"It's the Journey": Exploring the Consequences of a Professional Development Workshop for College Astronomy Faculty

Persistent Link:
http://hdl.handle.net/10150/195673
Title:
"It's the Journey": Exploring the Consequences of a Professional Development Workshop for College Astronomy Faculty
Author:
Dokter, Erin
Issue Date:
2008
Publisher:
The University of Arizona.
Rights:
Copyright © is held by the author. Digital access to this material is made possible by the University Libraries, University of Arizona. Further transmission, reproduction or presentation (such as public display or performance) of protected items is prohibited except with permission of the author.
Abstract:
The purpose of this qualitative study was to explore the range of consequences of a professional development workshop for two- and four-year college astronomy faculty. Its focus was how faculty participants chose to incorporate ideas and teaching strategies from the workshop with their own teaching ideas and practices. Data included pre- and post-workshop open-ended survey responses on teaching strategies from 126 faculty, follow-up online survey responses on reported teaching practices from forty-one faculty, semi-structured interviews and classroom observations with five faculty "heavy adopters" of the workshop teaching techniques, and surveys from their students. Analytical techniques used were both traditional, such as clustering, counting, and iterative descriptive coding (Miles and Huberman, 1994); as well as non-traditional, such as circle graphs (Aumann et al., 1999), and analysis of linguistic metaphors (Martin and Lueckenhausen, 2005). The main consequence of this study is that faculty development workshops can help support faculty as they create their own teaching path, and support their students in doing the same. Faculty participants reported incorporating workshop teaching strategies to their teaching practice following their participation. Interviews with and classroom observations with the five "heavy adopters" characterized how each individual retrofitted the techniques to suit his or her own teaching approaches, as revealed by their dominant teaching metaphor, as well as the metaphors used by their students to describe their classes.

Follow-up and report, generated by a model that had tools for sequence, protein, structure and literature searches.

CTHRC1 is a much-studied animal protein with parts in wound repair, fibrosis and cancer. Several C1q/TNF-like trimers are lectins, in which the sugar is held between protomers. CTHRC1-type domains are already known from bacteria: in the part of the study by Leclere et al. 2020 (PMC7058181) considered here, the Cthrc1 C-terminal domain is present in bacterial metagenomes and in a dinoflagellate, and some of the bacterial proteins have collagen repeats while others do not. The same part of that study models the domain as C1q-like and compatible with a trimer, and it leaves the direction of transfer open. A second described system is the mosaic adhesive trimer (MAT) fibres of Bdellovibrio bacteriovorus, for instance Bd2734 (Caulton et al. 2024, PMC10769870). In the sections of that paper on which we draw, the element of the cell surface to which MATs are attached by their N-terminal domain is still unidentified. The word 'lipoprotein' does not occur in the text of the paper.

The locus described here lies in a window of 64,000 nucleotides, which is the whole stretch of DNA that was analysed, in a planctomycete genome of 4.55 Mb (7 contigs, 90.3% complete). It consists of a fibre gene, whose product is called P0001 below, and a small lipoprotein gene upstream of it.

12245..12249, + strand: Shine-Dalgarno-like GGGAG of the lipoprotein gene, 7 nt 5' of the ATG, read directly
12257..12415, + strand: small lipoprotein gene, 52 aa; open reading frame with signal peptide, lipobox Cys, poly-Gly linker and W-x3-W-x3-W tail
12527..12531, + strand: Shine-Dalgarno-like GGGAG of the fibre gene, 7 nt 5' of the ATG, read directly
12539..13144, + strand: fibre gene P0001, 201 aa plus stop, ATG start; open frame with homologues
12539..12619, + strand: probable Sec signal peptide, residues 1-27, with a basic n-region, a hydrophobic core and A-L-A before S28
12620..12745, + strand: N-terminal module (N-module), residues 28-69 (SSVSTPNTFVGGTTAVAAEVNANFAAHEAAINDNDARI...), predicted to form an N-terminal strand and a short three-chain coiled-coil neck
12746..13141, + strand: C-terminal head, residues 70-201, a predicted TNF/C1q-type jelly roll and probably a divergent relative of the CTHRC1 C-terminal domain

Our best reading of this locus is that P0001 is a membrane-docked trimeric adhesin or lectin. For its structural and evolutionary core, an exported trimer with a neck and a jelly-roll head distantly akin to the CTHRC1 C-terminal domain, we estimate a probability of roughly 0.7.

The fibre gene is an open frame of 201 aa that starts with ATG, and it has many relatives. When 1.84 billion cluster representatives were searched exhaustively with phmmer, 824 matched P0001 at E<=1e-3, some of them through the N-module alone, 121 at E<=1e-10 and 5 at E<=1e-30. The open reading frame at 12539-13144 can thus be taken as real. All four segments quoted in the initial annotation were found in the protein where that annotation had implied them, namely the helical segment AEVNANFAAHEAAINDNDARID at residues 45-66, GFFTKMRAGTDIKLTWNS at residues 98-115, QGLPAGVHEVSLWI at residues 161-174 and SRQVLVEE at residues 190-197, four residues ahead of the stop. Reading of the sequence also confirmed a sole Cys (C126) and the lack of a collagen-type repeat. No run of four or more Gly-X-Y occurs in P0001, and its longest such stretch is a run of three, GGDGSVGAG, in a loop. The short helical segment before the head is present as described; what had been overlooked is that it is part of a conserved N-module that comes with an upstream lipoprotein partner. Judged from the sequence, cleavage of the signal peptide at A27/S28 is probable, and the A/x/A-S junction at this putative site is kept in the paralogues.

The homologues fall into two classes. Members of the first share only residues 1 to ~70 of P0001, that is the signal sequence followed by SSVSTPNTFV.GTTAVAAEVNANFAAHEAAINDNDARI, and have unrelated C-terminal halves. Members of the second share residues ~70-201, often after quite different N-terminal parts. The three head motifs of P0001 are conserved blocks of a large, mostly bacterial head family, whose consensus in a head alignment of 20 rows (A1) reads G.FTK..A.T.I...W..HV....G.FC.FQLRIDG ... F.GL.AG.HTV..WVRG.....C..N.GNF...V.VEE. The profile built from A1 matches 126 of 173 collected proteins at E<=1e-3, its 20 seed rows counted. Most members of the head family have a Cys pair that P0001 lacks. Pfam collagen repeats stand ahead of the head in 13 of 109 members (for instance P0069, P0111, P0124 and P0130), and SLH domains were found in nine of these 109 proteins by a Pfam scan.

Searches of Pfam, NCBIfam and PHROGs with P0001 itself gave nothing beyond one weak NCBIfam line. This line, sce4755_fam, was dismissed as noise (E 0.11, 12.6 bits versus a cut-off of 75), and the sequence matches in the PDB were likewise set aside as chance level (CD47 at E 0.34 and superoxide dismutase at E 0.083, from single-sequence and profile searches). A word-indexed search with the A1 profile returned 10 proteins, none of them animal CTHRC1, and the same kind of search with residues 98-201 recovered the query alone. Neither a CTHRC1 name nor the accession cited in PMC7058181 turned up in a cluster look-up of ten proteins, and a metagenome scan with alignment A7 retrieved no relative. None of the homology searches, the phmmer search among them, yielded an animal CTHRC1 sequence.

Type:
text; Electronic Dissertation
Keywords:
College Teaching; Faculty Change; Faculty Development; Higher Education; Qualitative Methods
Degree Name:
Ph.D.
Degree Level:
doctoral
Degree Program:
Teaching & Teacher Education; Graduate College
Degree Grantor:
University of Arizona
Advisor:
Johnson, Bruce; Carter, Kathy
Committee Chair:
Johnson, Bruce; Carter, Kathy

Full metadata record

DC FieldValue Language
dc.language.isoENen_US
dc.title"It's the Journey": Exploring the Consequences of a Professional Development Workshop for College Astronomy Facultyen_US
dc.creatorDokter, Erinen_US
dc.contributor.authorDokter, Erinen_US
dc.date.issued2008en_US
dc.publisherThe University of Arizona.en_US
dc.rightsCopyright © is held by the author. Digital access to this material is made possible by the University Libraries, University of Arizona. Further transmission, reproduction or presentation (such as public display or performance) of protected items is prohibited except with permission of the author.en_US
dc.description.abstractThe purpose of this qualitative study was to explore the range of consequences of a professional development workshop for two- and four-year college astronomy faculty. Its focus was how faculty participants chose to incorporate ideas and teaching strategies from the workshop with their own teaching ideas and practices. Data included pre- and post-workshop open-ended survey responses on teaching strategies from 126 faculty, follow-up online survey responses on reported teaching practices from forty-one faculty, semi-structured interviews and classroom observations with five faculty "heavy adopters" of the workshop teaching techniques, and surveys from their students. Analytical techniques used were both traditional, such as clustering, counting, and iterative descriptive coding (Miles and Huberman, 1994); as well as non-traditional, such as circle graphs (Aumann et al., 1999), and analysis of linguistic metaphors (Martin and Lueckenhausen, 2005). The main consequence of this study is that faculty development workshops can help support faculty as they create their own teaching path, and support their students in doing the same. Faculty participants reported incorporating workshop teaching strategies to their teaching practice following their participation. Interviews with and classroom observations with the five "heavy adopters" characterized how each individual retrofitted the techniques to suit his or her own teaching approaches, as revealed by their dominant teaching metaphor, as well as the metaphors used by their students to describe their classes.en_US
dc.typetexten_US
dc.typeElectronic Dissertationen_US
dc.subjectCollege Teachingen_US
dc.subjectFaculty Changeen_US
dc.subjectFaculty Developmenten_US
dc.subjectHigher Educationen_US
dc.subjectQualitative Methodsen_US
thesis.degree.namePh.D.en_US
thesis.degree.leveldoctoralen_US
thesis.degree.disciplineTeaching & Teacher Educationen_US
thesis.degree.disciplineGraduate Collegeen_US
thesis.degree.grantorUniversity of Arizonaen_US
dc.contributor.advisorJohnson, Bruceen_US
dc.contributor.advisorCarter, Kathyen_US
dc.contributor.chairJohnson, Bruceen_US
dc.contributor.chairCarter, Kathyen_US
dc.contributor.committeememberTomanek, Debraen_US
dc.contributor.committeememberMacario, Kylaen_US
dc.identifier.proquest10161en_US
dc.identifier.oclc659750742en_US
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